I spent the weekend in Malnad. On Saturday I rose a little before dawn and stood by the floor-to-ceiling window and looked up at the pulsing stars. Dark figures of silver oak loomed before me, their tops level with my eyes. At their feet the coffee were huddled and hunched over like ten-thousand bears.
It was that moment in the morning when the night animals had called it a day, and the other animals were snoozing. There wasn't a sound, except for a solitary fellow whose sound came from everywhere—a cousin of the cicada, to tell from his voice—who cried out to all with the fervor of a revolutionary: “rise, rise, rise, rise.” But the ears of all were deaf to him. They hear him too much, and all the time.
I stepped out from the room and went out the bungalow, toward two lights that were on at the labor-line in the distance—yellow lights diffused on muddy white walls. I stood by the one that lit the cowshed. Ganga the cow returned my gaze from where she lay, and, of her two calves, one stood at the edge of the shed and looked out into the dark of the plantation, and the other lay slouched in the inner dark of the shed. They were brooding as always, but more intensely now. The question that hung frozen in the chill air was: will the effects of the economic boom trickle down also to these cattle? Within the remaining lifetime of the cow? Before these calves have grown? Or would they live always like this, as now in this cold, like drudges from the pages of the great Russian books?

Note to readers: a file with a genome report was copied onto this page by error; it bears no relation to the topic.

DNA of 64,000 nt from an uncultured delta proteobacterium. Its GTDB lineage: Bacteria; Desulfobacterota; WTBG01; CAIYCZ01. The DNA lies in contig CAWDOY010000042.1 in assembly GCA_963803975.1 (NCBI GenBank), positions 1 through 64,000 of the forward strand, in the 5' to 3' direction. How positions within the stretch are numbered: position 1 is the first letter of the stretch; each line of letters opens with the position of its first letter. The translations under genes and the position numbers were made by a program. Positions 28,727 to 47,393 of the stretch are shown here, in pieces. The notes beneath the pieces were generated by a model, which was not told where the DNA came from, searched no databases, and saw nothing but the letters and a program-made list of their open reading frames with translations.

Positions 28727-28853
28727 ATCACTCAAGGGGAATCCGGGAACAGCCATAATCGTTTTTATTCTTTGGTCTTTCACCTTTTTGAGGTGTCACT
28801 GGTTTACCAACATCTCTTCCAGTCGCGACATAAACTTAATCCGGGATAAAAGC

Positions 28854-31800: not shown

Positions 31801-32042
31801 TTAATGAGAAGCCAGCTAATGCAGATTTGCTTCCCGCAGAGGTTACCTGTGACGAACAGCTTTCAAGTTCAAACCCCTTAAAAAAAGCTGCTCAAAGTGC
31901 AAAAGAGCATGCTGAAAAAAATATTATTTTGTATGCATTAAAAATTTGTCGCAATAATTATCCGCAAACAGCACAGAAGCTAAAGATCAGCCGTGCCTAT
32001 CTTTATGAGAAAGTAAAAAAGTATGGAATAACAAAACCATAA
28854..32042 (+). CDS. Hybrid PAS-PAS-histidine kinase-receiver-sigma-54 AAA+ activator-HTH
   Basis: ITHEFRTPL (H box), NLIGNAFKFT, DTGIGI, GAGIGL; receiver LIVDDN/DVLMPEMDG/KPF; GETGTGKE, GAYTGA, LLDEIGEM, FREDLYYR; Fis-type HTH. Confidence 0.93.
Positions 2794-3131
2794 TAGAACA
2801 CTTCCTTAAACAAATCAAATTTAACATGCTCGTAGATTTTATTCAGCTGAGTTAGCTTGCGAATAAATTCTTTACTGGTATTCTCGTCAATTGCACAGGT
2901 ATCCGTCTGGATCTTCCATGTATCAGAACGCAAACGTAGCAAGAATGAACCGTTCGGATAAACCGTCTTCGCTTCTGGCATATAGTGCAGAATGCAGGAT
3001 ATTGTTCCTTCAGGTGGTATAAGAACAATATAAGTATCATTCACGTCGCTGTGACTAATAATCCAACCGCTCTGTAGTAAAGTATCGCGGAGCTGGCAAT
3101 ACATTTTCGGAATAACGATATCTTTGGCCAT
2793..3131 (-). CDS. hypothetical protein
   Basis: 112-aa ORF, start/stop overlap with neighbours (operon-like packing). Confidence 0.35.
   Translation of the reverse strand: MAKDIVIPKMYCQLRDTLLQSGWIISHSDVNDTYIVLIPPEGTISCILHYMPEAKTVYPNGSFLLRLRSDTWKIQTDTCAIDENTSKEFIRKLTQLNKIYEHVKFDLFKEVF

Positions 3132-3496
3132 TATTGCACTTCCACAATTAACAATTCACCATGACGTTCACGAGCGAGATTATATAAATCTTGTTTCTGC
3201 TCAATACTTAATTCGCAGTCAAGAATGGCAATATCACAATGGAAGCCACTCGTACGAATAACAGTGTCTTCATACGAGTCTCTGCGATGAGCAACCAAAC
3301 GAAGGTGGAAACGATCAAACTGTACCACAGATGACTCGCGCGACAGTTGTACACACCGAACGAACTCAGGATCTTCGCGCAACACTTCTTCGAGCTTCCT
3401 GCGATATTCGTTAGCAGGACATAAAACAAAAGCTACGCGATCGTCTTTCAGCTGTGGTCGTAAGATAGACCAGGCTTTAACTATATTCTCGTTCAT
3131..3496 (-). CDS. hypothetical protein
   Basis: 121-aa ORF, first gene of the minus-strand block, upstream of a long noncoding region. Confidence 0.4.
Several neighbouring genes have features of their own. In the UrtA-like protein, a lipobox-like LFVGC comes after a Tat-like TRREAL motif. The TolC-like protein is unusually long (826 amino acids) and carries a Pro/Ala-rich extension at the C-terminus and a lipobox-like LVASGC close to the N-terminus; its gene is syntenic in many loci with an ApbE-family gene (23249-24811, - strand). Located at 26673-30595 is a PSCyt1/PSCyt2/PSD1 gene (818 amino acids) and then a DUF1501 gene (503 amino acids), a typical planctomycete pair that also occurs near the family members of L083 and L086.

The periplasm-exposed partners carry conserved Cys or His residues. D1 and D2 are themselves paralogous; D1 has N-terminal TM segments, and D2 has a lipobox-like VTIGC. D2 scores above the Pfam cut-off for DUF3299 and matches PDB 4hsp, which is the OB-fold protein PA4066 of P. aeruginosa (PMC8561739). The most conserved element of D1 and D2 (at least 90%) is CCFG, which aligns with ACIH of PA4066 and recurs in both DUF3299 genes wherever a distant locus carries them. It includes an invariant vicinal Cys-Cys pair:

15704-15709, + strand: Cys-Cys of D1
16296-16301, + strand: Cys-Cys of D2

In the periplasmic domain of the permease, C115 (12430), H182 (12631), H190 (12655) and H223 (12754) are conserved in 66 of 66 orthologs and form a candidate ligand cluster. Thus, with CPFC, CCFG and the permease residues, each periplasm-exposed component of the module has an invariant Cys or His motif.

While I took pictures of them my ankles and my shin twitched, revealing my constant fear that a snake might rise up on the ground and have a go at me. I've never been afraid when I have encountered the snake; each time, I’ve been stunned into a cold fascination, and I have gazed at them, admiring their bright and brilliant reticulations. But there is ever the fear of how the next snake might present itself. And I have a horror of their hiss—even if no snake has hissed at me until now.
A short while later, I crouched by the plantation's lake, keeping a fearful distance from the hedge, feeling foolish about still worrying about the reptile, worrying that one could be lurking in the green thicket, ready to lunge at me. There was a fast-moving smoky mist over the water, but the mist sailed away by the time I set the controls on my camera. Then the sun reached in and twisted his long yellow hand upon the lake, and there was no more even the memory of a mist.
Over at the edge of the plantation, where the earth had been dug for new coffee, frost had gathered on the webs which the spiders had woven flat on the ground in the gaps between . They glittered in the morning light, and they were dozens and dozens of them: small flat webs like mirrors, scattered on the ground. The worms and insects had stayed clear of them, so the frost seemed to have foiled the scheme of the spiders.
Seeing the spiders I remembered the birds. Are there worms that are evolved, which start out late and outwit the early bird?
The birds had been such noisy busybodies in the morning, but had now fallen silent, and most had flown away to hunt elsewhere. Tiny yellow butterflies played at my feet over the grass. I urged them to go find the flowers, but they ignored me to my face. A lone gray butterfly crashed into my blue jeans and suffered a moment's disorientation before it recovered and fluttered about, not leaving my leg by too much. All life was fair game for a meal in the morning, except me, it appeared, but none seemed perturbed by their circumstance.
I hurried toward the bungalow, suddenly hungry for the “medium-spicy” vegetarian breakfast that my wife would be waiting with. I sucked air with each spoon of the uppittu—so hot it was. “Did you see the turtles?” my wife asked me when I described to her how the mist had swayed as it sailed away upon the lake. I didn't have the courage to tell her—she was born in the coffee belt—that I'd been too absorbed in watching out for snakes in the grass at my feet.
The lake at Nandi Thota